Microwave them in the morning for hot and delicious pancakes. Top them with fresh fruit or applesauce instead of maple syrup for a healthier pancake. You can also bake fruit and nuts right into the batter.
There isn’t much better for your breakfast than a loaded bowl of oatmeal. High-fiber, heart-healthy oats, delicious antioxidant-loaded fresh fruit, and protein-packed nuts come together to make a nutritional powerhouse.
It can be difficult to whip a bowl together and eat it before heading out the door, though, so try baking it and eating it as a bar instead. The Mayo Clinic has a basic recipe to get a good flavor and texture without too much extra sugar.
Make it your own by throwing in a cup of sliced bananas, raisins, or fresh fruit, plus a cup of chopped pecans or walnuts.
Also called “summer porridge” or “overnight oats,” refrigerator oatmeal is a refreshing cold treat on a hot day. Like baked oatmeal, it’s packed with fiber, but it’s soaked in milk and optional Greek yogurt for a hefty dollop of calcium and protein.
Best of all, there’s no cooking involved – just mix all the ingredients in a mason jar, shake it up, and refrigerate it overnight. The Yummy Life and Grocery Budget 101 are huge fans of refrigerator oatmeal and have recipe suggestions for all kinds of flavors, from Peach Melba to peanut butter and banana.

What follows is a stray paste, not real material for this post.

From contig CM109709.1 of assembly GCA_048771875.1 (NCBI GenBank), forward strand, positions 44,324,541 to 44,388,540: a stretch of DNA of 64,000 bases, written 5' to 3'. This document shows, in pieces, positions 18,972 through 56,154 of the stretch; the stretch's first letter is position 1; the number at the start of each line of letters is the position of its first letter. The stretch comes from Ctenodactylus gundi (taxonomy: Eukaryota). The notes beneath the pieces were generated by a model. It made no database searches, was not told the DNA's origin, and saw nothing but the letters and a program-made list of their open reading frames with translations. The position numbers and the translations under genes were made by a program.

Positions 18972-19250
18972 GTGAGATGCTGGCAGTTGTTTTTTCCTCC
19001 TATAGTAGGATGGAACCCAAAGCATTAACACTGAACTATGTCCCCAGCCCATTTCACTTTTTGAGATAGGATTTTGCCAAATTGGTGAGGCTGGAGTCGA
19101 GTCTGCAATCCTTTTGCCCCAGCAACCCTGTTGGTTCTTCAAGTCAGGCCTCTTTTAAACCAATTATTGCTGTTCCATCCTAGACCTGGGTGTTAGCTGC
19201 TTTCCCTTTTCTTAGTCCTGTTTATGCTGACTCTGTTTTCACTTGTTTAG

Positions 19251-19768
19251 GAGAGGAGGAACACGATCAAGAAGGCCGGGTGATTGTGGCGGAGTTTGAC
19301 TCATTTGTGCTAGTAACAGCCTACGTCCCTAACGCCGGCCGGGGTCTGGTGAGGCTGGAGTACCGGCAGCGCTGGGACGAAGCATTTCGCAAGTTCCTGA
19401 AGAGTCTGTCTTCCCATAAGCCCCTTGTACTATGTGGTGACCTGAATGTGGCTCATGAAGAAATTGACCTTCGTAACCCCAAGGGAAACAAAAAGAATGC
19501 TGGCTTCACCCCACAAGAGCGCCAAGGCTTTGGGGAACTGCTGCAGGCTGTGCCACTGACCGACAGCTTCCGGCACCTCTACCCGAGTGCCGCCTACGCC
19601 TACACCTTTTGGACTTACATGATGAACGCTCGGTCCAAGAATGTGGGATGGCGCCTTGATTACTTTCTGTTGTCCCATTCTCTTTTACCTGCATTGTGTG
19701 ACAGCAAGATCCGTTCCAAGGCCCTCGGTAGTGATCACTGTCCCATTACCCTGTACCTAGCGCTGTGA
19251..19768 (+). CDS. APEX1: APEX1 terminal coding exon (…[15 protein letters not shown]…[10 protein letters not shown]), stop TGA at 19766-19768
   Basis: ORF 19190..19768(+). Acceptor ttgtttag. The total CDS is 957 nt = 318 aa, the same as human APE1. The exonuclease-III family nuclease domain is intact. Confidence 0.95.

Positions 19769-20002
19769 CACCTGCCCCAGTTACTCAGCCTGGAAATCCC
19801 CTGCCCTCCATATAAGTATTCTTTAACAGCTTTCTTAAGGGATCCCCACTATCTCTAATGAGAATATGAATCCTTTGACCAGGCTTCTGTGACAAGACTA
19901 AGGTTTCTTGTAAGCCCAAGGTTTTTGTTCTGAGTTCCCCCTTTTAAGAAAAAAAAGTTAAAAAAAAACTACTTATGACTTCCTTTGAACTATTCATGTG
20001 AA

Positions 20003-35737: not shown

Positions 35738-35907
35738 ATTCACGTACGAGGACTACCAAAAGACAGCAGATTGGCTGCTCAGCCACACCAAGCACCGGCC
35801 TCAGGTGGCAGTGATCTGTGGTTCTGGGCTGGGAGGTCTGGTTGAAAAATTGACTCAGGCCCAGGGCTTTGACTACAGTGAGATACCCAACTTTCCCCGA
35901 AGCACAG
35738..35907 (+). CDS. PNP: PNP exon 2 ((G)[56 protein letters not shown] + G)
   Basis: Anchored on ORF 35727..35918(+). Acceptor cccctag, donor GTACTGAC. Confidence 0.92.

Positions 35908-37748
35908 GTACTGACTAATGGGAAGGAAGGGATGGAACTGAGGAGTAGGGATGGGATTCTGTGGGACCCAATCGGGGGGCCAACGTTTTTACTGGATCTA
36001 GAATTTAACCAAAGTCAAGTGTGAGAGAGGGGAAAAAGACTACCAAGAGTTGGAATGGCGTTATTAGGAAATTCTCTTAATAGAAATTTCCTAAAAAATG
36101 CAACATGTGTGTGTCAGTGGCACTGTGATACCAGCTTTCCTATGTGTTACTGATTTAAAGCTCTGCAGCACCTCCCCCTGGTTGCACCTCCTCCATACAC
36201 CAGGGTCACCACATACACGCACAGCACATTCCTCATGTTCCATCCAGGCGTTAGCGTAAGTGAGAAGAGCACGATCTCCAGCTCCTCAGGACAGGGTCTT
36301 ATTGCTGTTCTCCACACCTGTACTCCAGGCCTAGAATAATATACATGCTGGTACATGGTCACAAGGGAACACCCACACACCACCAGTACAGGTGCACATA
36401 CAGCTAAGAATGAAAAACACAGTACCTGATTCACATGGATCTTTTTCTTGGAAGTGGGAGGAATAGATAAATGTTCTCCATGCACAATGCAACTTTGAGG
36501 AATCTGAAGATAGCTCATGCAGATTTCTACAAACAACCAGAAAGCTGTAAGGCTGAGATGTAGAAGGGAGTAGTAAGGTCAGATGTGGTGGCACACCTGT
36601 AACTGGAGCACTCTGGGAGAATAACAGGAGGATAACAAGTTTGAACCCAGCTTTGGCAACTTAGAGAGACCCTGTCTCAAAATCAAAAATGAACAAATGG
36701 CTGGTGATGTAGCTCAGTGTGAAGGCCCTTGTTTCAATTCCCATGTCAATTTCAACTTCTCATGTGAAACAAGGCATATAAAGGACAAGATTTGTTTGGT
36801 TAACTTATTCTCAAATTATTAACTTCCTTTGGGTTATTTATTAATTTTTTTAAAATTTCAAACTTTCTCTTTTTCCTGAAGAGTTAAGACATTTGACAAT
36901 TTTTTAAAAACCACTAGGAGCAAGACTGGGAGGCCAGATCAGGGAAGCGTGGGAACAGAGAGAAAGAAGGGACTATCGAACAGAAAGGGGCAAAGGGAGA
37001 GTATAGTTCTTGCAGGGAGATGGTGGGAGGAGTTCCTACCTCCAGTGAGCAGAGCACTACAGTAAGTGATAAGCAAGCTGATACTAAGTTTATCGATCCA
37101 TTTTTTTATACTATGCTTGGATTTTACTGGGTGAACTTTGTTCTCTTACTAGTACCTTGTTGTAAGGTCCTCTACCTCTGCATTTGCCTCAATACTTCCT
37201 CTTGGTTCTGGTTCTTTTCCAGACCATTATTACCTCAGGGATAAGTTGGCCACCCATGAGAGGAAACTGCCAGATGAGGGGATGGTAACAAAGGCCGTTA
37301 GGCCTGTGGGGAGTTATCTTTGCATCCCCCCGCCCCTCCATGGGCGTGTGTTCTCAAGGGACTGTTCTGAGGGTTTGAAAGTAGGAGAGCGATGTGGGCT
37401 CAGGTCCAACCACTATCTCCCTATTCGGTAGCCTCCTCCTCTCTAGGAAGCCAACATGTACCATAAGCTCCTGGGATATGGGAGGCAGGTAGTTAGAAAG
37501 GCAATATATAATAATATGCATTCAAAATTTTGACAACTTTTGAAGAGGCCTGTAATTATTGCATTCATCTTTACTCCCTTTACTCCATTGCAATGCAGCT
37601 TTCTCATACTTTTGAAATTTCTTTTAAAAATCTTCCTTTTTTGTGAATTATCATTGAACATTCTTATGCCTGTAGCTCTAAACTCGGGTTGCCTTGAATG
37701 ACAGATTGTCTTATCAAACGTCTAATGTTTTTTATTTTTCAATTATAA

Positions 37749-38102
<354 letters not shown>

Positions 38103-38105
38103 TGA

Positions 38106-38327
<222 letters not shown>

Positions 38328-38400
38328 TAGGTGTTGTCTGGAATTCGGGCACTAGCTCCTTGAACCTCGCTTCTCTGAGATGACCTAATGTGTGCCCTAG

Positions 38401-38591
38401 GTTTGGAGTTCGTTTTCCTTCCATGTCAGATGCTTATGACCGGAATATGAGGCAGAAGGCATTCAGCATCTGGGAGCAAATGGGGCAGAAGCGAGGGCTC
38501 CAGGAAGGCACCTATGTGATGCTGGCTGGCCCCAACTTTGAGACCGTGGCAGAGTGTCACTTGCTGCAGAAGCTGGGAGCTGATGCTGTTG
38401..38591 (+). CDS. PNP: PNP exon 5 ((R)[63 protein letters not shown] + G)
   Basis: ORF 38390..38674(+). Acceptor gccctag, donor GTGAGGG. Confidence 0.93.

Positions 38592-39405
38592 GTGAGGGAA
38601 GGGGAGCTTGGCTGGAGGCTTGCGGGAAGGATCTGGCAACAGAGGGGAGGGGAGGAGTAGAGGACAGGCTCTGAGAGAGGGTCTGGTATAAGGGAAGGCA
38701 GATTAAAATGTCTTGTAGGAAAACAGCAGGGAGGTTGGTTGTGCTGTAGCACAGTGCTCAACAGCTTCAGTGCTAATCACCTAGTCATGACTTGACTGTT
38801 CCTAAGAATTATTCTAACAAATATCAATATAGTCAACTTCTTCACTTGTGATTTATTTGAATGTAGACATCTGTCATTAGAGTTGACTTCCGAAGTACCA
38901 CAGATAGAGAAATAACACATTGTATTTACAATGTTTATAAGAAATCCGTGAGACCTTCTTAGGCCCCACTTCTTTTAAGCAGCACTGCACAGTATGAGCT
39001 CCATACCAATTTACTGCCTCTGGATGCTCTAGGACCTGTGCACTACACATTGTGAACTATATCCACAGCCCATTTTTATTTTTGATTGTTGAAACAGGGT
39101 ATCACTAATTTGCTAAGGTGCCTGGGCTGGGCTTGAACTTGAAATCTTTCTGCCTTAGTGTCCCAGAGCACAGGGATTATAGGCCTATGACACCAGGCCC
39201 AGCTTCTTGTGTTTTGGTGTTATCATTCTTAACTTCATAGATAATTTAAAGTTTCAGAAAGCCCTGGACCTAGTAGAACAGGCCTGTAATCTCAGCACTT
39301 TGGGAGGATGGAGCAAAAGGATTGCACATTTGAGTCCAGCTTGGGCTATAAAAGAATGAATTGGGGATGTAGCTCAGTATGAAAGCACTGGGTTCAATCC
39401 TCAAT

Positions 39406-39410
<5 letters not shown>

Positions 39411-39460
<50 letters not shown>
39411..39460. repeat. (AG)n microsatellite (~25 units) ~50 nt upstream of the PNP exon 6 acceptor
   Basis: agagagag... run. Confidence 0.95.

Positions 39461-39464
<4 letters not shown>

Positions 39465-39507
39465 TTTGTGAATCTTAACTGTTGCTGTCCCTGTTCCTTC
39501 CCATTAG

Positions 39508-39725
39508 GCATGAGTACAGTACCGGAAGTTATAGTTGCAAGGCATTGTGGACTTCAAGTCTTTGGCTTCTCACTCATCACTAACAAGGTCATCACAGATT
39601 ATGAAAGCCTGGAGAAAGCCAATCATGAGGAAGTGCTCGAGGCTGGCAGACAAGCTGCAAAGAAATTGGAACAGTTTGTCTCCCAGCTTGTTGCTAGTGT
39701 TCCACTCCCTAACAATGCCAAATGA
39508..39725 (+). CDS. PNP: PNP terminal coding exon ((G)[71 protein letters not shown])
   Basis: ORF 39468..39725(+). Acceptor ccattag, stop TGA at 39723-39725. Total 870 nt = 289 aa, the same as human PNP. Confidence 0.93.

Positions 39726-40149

If you can’t find something delicious here, you aren’t trying hard enough. For a non-dairy alternative, the Food Network has a recipe for a yogurt-free base.
Smoothies are a tried-and-true make-ahead breakfast – just blend your favorite recipe, freeze it in ice cube trays, and throw the cubes into your cup to thaw in the morning, or put a jar in the fridge to thaw overnight.
If your favorite recipe gets that funky leftover smoothie taste and texture even when you freeze it, try making freezer packs. Pre-slice and measure all solid ingredients for a single smoothie, and then put them in a baggie and freeze them, and pre-measure the milk or yogurt in a container in your fridge.
The next morning, combine them and dump them into your blender. Voila – a smoothie in seconds.
If you like the idea of a morning smoothie but want to dig into something with your spoon, smoothie bowls were invented just for you. Eat This Not That has a collection of smoothie bowls ranging from mean and green to chocolate hazelnut.
Just prepare the blended part as you would a morning smoothie, pre-freezing it or separating the solid and liquid ingredients into little pre-made packets, and make an additional packet for the toppings. The flavor and nutritional combinations are endless.
Chia Seed Pudding
You probably know that chia seeds are a super-food loaded with omega-3s, antioxidants, fiber, calcium, and protein, but you may not have known what a spectacular pudding base they make. They absorb plenty of liquid, so if you soak them in milk (whether from cows, almonds, or coconuts), they swell up to make a delicious, creamy, and healthy pudding base.
I Heart Eating uses them as a base for a sticky bun pudding that has all the nutrition of chia seeds and cashew milk, but has the sugary pecan topping of a sticky bun. If you’d rather start with a simple base and experiment, Choosing Raw has plenty of basic chia pudding recipes to get you started.